(Written by Evan Soltas)
Some fun news this morning for budget wonks. ”Leader Reid is very likely to ask for consent to move to conference [this] morning,” e-mails a Democratic Senate aide. “We will see if Senate Republicans who have talked about regular order will actually stick to that and allow us to move to conference or if they will drag their feet and provide cover for House Republicans who want to drag their feet on negotiations.”
If that means nothing to you — and, if you’re a halfway normal human being, it shouldn’t mean anything to you — then perhaps we should back up.
For the last two years, congressional Republicans have argued that the real problem in the budget debate is that Democrats have abandoned “regular order.” By regular order, Republicans mean — well, I’ll let Sen. Jeff Sessions, the ranking Republican on the Budget Committee, explain it.
“Secret deals have not worked and are an affront to popular democracy,” he argued in January. “The right process is the regular order. The House produces its budget–as it has–and the Senate passes its budget, all in accordance with the Budget Act of 1974. Under that law, the Senate Budget Committee must approve a budget resolution by April 1st. From there, the law requires the budget to be considered on the Senate floor where it must receive 50 hours of open amendment and debate. A budget cannot be filibustered and is adopted by a simple majority in both committee and the full Senate. Then, once the issues and differences are clarified by this open process, the work of conferencing must begin.”
Got that? The House should pass a budget, the Senate should pass a budget, and then the two chambers should head to conference to work out the differences between the two budgets — all of it out in the open. No more of these backroom negotiations. Let Congress work as Congress was intended to work.
Regular order has achieved a totemic significance on the right. Bringing it back by forcing Senate Democrats to pass a budget was, in fact, the lure that House Speaker John Boehner and House Budget Committee Chairman Paul Ryan used to convince their colleagues to raise the debt ceiling.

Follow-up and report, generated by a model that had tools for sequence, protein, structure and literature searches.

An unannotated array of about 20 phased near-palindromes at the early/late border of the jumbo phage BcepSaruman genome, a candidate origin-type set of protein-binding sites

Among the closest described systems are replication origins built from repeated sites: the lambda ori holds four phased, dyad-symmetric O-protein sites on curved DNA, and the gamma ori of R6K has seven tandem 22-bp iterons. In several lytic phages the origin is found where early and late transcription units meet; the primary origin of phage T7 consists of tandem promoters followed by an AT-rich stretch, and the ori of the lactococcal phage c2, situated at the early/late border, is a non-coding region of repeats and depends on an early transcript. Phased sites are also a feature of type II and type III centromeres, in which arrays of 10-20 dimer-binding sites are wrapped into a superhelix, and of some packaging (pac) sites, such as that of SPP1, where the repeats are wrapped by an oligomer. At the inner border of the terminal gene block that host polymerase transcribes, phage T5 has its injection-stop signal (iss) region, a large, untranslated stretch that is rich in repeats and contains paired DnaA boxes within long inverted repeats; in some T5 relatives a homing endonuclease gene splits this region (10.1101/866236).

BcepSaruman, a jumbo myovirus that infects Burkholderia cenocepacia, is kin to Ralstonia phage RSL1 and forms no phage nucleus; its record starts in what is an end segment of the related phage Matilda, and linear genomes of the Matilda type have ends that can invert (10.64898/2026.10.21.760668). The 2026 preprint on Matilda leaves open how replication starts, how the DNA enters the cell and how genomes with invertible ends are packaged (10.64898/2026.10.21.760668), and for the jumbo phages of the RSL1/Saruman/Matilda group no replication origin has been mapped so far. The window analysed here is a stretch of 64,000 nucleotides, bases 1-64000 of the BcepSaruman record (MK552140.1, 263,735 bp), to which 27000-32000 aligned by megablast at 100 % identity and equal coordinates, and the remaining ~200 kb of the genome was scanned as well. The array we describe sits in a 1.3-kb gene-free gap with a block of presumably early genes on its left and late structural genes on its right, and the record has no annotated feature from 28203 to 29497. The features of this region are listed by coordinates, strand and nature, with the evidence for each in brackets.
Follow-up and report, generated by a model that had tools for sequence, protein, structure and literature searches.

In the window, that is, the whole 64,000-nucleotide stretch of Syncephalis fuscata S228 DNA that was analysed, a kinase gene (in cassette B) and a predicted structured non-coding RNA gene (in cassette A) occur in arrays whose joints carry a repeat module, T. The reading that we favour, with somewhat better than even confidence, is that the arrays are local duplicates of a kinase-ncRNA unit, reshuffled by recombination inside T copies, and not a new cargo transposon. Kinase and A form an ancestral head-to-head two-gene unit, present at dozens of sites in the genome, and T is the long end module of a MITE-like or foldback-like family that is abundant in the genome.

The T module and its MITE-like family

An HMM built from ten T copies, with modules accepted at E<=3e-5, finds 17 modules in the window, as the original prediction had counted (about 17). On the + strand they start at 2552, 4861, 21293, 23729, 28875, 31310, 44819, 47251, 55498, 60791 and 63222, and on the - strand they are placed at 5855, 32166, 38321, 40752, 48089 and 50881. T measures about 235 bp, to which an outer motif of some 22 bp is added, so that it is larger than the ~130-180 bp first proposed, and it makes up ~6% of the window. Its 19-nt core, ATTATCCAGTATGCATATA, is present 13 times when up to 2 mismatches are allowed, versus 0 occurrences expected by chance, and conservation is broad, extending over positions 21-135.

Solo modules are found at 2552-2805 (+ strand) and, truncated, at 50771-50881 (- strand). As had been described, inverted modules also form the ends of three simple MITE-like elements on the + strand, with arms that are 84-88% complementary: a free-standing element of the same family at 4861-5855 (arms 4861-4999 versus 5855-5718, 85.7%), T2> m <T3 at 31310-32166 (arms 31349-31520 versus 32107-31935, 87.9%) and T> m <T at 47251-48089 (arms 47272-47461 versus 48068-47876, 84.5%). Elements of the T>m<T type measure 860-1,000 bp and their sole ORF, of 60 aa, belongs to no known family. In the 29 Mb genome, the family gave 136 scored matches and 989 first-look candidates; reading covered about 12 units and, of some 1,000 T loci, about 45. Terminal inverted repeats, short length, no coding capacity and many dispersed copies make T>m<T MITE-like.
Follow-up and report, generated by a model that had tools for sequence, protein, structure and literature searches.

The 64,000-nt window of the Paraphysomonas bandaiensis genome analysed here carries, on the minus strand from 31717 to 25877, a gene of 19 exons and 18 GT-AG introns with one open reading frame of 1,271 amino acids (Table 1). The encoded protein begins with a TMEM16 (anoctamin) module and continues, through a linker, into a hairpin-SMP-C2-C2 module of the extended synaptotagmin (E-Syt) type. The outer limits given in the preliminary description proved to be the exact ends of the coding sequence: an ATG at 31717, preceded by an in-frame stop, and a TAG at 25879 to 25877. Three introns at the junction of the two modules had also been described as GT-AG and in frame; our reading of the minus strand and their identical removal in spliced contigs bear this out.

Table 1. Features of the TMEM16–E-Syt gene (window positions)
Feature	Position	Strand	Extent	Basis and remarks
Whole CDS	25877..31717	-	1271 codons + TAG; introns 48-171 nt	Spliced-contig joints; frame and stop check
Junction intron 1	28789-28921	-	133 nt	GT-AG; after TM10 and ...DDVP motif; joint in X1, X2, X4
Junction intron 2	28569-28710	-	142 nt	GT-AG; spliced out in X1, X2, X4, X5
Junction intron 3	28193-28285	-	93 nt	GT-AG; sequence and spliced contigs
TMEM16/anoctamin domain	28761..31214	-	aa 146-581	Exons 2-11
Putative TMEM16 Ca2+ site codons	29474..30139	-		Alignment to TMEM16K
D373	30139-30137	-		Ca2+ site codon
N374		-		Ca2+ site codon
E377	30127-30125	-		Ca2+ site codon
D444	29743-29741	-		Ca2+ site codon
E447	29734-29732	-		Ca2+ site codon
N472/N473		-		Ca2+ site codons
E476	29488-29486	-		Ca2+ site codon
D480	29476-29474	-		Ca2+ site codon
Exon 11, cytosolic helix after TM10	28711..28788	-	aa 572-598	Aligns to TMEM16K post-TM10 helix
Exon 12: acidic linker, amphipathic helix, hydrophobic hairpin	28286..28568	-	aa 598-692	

“The good news is that we now have a vehicle for regular order,” Ryan exulted in March. “Democrats derailed the budget process when they gave up governing a few years ago. Nearly four years without a budget. We brought them back in the game this spring. That is a good thing.”
But a funny thing happened after Senate Democrats passed their budget: House Republicans, it seemed, weren’t that eager to move to regular order after all. There’s been no evident interest in the next move, which is appointing conferees to begin reconciling the two budgets. “It seems to us they want to slow this down, keep it in the back rooms, keep it quiet, because there's no advantage to them in having a formal public process,” said one Democratic aide.
In fact, Republicans see a disadvantage in a formal public process. “If you appoint conferees and after 20 legislative days there's no agreement, the minority has the right to offer motions to instruct, which become politically motivated bombs that show up on the House floor," Boehner told reporters.
Senate Democrats don’t find this a very convincing excuse: They note that they had to vote on dozens of Republican amendments – many of which were designed to embarrass them.
House Republicans instead want a private agreement — a “framework” — that would direct the conference committee as they attempt to reconcile the budgets. “What we want to do is have constructive dialogues to find out where the common ground is and go to conference when we have a realistic chance of coming out with an agreement,” Ryan told reporters. There’s precedent for this sort of thing. But it’s not what’s traditionally meant by “regular order.” Rather, it’s a return to the precise kind of backroom, leadership-driven dealmaking Republicans have spent so much time assailing.
And Senate Democrats aren’t having it. After years of Republicans complaining about secret deals and hammering Senate Democrats for betraying regular order, they’re calling the GOP’s bluff. That’s why Reid intends to move towards conference this morning. Either Republicans will agree, and regular order will proceed — which will likely mean no deal, and which will then give House Democrats a chance to throw their bombs — or Senate Republicans will filibuster, and that will be the end of the regular order talking point.
But that’s all political theatre. However it works out, the point is more than proven. What’s holding up a budget deal isn’t disagreements over the process. It’s disagreements over the budget.